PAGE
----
Dr Pepita Barlow

Dr Pepita Barlow

Assistant Professor of Health Policy

Department of Health Policy

Telephone
020 7955 5380
Room No
COW 2.05
Office Hours
Wednesday 15.00-17.00
Connect with me

Languages
English, French
Key Expertise
Trade Policy, Health Inequalities, Programme Evaluation

About me

Pepita Barlow is Assistant Professor of Health Policy at the London School of Economics and Political Science. She is also Co-Director of the MSc in International Health Policy. Before joining the LSE, Dr Barlow was a Research Associate at the Bennett Institute for Public Policy at the University of Cambridge. She previously completed a DPhil (PhD) in Sociology at the University of Oxford, an MSc in Sociology, also at Oxford, and a BSc in Economics with Economic History at the LSE. She also worked briefly at the Institute for Government and has served as a scientific adviser to the World Health Organization.

Dr Barlow’s research examines how policies and actors outside the health sector impact on health and health policy. As a social scientist with training in sociology and economics, Dr Barlow examines these processes by drawing on multidisciplinary perspectives, quasi-experimental methods, and novel text data. Her most recent research has focused on the impacts of trade liberalisation, including Free Trade Agreements (FTAs). This includes a series of papers evaluating the role of US FTAs in the global diffusion of ‘obesogenic’ food environments, and whether trade liberalisation exposes governments in low- and middle-income countries to pressure to change or repeal their public health policies. In other work, she has evaluated the health impacts of labour market regulations, austerity, and educational reforms.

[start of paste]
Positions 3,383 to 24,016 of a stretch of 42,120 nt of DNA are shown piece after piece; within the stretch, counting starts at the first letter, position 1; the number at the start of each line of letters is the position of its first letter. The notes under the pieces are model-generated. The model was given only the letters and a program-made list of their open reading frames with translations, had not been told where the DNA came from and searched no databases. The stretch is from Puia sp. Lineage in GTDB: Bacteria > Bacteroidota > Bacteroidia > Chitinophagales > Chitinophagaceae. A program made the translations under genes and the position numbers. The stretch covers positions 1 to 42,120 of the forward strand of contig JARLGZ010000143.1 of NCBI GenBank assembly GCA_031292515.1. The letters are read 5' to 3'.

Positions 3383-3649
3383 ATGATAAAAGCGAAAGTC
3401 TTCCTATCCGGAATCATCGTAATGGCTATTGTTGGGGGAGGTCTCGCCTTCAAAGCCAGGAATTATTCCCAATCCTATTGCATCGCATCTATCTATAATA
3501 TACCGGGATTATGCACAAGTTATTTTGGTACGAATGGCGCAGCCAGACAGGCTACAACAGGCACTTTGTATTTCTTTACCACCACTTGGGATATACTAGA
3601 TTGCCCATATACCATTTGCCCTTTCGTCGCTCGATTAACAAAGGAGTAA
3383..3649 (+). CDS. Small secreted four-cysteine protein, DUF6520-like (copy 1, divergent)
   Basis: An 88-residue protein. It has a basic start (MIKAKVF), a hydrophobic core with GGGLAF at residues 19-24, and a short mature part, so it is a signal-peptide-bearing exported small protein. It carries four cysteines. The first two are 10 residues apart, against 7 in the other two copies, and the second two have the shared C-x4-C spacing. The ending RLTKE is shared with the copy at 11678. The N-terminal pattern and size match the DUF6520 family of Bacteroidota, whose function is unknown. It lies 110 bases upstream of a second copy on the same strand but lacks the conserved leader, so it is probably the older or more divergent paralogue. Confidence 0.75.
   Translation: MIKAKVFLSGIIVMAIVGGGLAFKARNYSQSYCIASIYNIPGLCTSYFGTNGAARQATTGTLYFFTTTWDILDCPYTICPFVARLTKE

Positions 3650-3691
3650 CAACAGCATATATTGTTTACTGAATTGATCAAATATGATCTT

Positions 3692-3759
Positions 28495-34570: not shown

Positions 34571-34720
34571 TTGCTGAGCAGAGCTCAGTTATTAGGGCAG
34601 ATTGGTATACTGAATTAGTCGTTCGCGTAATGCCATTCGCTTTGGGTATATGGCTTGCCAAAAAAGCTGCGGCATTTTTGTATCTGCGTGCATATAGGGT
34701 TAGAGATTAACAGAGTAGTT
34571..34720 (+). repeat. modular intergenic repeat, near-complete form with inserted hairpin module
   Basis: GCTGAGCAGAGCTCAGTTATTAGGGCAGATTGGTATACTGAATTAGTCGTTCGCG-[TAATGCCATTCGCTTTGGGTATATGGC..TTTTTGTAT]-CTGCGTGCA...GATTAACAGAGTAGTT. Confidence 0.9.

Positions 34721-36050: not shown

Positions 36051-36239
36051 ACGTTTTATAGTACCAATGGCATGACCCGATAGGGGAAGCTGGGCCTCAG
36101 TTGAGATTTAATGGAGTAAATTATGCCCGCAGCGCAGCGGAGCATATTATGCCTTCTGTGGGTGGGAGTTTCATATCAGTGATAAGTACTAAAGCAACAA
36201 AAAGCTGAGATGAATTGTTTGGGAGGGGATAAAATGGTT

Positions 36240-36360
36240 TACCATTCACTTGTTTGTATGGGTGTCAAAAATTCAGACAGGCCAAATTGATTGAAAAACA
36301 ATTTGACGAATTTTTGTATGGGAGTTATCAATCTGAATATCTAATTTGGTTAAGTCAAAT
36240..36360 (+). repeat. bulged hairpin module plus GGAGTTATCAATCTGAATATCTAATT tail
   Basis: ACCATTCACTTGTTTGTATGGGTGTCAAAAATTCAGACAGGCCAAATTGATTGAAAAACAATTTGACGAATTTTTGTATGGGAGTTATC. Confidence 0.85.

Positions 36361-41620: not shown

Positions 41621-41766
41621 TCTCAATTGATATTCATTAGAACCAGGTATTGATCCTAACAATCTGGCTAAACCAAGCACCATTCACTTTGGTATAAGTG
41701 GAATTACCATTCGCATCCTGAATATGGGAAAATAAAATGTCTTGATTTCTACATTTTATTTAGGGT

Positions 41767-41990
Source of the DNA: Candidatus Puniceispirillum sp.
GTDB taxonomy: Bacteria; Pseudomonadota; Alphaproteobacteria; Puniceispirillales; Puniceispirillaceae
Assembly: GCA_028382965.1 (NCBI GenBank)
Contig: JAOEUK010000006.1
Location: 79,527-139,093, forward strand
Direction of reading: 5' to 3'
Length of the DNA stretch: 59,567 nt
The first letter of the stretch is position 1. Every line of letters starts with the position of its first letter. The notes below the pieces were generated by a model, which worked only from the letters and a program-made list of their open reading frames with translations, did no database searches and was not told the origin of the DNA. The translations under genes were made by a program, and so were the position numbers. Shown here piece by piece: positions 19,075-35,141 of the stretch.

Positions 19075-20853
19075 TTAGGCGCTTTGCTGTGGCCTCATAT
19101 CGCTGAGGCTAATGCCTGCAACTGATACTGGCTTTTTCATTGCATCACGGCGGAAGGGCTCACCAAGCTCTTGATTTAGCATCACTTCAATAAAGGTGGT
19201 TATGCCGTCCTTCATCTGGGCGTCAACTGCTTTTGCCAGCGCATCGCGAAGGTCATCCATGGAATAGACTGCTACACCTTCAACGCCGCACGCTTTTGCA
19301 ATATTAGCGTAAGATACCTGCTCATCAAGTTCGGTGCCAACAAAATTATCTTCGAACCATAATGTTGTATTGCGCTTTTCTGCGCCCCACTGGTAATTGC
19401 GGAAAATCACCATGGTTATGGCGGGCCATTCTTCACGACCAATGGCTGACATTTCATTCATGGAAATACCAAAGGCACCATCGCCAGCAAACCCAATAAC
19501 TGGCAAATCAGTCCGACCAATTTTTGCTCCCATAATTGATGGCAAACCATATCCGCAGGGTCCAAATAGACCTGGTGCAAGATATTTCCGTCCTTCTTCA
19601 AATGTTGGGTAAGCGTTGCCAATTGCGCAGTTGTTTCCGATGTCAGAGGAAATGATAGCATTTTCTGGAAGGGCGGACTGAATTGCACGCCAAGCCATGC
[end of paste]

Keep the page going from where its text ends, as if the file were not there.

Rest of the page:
CV

Teaching

HP500 Advanced Health Policy and Health Economics
HP421 Economic Analysis for Health Policy in Low- and Middle-Income Countries
HP4F1E Introduction to Evaluation in Healthcare
HP4G4E Systematic Review and Meta-analysis

Expertise Details

Free Trade Agreements; political economy of health; social determinants of health; health inequalities; quasi-experimental methods; systematic reviews; mixed-methods research